There has been for them 4 key success factors in sustainably establishing a mentoring culture that supported their talent strategy through growth and stimulated their adaptiveness to new market paradigms.
1. They have me ; )
I know you might think I’m blowing my own trumpet and you may be right… It is not that I am the key to success, it is more that they were open to expert advice, to create a programme based on solid knowledge and experience, whilst understanding that they needed a tailored programme not a one-size-fits-all magical recipe.
We took the time to design the programme, it was a co-construction between my expert view and their knowledge of their culture and context. My role is also to support them along the way, to help them become autonomous, to train internal teams, and ensure the sustainability of the programme.
Also I challenge them every year to ensure the programme doesn’t become “boring”, doesn’t lose its energy and purpose and continues to create value. We are now discussing next steps towards mentoring 3.0, but can’t talk about that yet.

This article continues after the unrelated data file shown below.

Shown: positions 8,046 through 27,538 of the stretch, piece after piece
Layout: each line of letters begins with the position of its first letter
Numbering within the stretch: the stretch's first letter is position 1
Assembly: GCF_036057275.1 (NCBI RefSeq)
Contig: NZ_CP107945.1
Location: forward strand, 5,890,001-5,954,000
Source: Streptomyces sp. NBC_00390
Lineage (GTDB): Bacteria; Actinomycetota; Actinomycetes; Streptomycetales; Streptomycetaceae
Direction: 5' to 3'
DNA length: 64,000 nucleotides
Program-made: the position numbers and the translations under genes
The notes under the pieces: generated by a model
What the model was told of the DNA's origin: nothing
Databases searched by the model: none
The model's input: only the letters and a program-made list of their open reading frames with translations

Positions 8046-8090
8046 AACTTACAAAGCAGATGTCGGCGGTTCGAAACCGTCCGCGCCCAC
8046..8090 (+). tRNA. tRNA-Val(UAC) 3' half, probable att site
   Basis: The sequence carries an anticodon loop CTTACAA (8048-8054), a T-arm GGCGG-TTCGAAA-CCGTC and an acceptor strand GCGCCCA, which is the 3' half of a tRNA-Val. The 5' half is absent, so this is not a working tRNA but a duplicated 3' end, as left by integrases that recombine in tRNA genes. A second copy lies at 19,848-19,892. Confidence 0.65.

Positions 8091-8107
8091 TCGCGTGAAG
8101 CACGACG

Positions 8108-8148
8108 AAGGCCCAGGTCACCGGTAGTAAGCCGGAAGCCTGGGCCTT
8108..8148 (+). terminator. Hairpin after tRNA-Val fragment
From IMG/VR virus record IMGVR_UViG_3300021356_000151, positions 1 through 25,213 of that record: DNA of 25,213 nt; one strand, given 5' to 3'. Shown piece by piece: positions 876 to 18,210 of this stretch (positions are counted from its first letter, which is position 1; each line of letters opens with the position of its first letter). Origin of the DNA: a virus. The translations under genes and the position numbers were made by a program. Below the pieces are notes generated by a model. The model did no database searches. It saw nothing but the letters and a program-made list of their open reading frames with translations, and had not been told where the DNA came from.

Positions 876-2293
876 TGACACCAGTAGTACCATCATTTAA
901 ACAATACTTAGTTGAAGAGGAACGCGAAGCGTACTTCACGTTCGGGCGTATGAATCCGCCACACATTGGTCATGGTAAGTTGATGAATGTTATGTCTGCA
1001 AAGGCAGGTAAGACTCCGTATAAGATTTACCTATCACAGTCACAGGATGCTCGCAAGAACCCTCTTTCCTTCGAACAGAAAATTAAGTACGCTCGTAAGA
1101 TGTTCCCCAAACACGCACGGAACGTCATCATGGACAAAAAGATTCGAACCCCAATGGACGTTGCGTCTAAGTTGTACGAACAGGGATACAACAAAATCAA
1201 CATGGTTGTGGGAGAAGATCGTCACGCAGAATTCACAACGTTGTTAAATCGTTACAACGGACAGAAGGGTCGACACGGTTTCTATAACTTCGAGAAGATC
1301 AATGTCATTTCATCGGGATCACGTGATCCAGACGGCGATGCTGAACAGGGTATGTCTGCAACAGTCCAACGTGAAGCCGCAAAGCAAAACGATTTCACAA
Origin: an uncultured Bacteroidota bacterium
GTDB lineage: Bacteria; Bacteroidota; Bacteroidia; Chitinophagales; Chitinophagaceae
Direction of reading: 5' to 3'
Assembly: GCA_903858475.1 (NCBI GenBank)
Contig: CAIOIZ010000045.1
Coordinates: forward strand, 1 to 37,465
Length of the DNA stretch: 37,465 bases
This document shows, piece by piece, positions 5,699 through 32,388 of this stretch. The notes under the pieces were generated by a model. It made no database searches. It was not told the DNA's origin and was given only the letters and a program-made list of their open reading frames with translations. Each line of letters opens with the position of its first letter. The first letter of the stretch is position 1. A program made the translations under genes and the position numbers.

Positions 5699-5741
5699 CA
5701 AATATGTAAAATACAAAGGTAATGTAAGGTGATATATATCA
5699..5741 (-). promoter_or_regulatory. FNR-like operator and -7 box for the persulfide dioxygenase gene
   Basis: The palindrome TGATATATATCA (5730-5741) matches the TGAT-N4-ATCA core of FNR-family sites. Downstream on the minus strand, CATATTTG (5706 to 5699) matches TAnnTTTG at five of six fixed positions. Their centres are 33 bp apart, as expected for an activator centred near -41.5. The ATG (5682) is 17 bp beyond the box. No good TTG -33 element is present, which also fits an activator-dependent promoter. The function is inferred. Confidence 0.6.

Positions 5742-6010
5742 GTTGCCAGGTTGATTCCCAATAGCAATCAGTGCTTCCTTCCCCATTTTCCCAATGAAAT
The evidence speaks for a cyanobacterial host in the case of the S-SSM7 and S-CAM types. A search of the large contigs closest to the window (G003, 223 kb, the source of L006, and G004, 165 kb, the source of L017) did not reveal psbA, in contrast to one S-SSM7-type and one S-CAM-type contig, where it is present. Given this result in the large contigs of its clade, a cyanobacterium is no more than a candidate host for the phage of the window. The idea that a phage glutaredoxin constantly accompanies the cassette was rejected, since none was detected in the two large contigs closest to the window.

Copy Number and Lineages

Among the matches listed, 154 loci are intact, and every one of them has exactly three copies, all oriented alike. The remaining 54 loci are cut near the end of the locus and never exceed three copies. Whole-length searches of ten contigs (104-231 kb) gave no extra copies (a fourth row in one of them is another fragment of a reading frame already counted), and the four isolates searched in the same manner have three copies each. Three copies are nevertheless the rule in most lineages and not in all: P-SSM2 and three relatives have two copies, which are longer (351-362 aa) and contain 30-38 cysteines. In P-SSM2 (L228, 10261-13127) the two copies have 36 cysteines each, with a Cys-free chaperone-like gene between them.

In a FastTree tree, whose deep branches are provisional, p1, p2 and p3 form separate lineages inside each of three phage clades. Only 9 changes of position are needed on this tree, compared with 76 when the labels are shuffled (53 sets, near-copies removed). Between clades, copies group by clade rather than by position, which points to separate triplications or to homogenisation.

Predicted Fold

2. They have a committed diverse internal team
Scaling up a mentoring programme toward mentoring culture cannot rely solely on HR, it needs the engagement of senior managers and EXCOM who understand the strategic value of mentoring as well as on-boarded operational managers who see the benefit of their teams participating in such practices.
What Worldline did very well was to gather a diverse team of volunteers, people who believed in and were interested in mentoring, to pilot their first programme: people from HR, leadership and operational functions.
As the programme grew so did the internal team of coordinators, locally present on all their sites, coming from diverse functions, having previously been involved in the programme as mentor or mentee.